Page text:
Many of my students at the University of Toronto Mississauga who are racialized, queer, Muslim, and in some cases all of the above, often feel disconnected from today's feminism. They are tired of the lens for which populist feminists use to critique the actions and bodies of the non-white; they are also frustrated by the lack of intersectionality.
In 1995, Kimberlé Crenshaw argued that an intersectional approach to feminism is necessary if we are to account for the multiple identities that shape how the world is constructed. Similarly, in her book Body as Evidence, Janelle Hobson notes that if we are to dismantle the hegemonic discourses of race, class, gender and nation that frame our perceptions of feminism and seek to define what might constitute a feminist agenda, we will then be one step closer to building a global feminism.
If feminists continue to speak for all without recognizing the varying structures of oppression and cultural nuances that are interrelated, overlapping and inseparable, feminism as we know it will continue to silence the increasing numbers of women worldwide who are not white, middle class, cis-gendered and able bodied.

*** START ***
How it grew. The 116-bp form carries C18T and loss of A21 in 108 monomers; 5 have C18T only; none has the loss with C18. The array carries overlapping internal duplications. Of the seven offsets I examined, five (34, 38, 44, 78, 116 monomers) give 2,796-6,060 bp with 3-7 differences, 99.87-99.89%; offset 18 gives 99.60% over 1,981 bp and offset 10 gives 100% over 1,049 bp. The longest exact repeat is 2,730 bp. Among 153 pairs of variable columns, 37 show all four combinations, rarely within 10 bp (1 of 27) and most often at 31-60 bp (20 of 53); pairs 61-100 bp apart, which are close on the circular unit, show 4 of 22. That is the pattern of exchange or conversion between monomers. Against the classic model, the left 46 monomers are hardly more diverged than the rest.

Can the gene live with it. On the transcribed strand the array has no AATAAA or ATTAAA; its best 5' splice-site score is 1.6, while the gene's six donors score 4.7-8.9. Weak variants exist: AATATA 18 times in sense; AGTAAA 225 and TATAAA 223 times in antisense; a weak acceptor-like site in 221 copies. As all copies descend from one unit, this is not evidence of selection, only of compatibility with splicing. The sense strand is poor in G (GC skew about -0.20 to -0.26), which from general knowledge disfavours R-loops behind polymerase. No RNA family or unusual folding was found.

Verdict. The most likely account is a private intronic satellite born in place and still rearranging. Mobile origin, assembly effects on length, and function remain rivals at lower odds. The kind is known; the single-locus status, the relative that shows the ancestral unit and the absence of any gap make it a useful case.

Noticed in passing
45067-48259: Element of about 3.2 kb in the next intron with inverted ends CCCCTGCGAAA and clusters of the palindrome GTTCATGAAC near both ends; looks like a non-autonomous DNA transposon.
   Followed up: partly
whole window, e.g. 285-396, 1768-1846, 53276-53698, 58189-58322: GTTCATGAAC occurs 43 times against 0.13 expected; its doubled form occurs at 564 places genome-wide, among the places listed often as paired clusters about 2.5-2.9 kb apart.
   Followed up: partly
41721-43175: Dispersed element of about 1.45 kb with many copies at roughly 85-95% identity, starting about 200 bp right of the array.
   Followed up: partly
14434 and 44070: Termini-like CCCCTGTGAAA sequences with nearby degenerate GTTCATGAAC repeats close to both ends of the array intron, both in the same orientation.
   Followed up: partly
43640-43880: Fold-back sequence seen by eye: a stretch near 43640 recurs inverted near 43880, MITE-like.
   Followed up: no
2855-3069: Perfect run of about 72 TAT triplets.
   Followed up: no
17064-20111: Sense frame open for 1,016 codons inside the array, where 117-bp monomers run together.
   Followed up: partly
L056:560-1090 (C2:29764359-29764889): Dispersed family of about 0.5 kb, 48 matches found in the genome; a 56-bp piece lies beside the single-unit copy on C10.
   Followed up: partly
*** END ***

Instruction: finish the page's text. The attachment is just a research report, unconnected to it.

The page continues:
Zora Neale Hurston, the African-American writer best known for her 1937 novel Their Eyes Were Watching God once said, "Sometimes, I feel discriminated against, but it does not make me angry. It merely astonishes me. How can anyone deny themselves the pleasure of my company? It's beyond me."
Why so many feminists still continue to deny themselves the pleasure of the company of all women is, too, beyond me.
Cheryl Thompson has a PhD from McGill University. She is the 2015-2016 Recipient of the Banting Postdoctoral Fellowship which she holds at the University of Toronto. She also teaches courses in Black Canadian Studies, Visual Culture, Media and Identity, and Transnational Feminism. She can be found on Twitter @DrCherylT.
Image: Facebook/Iqra Khalid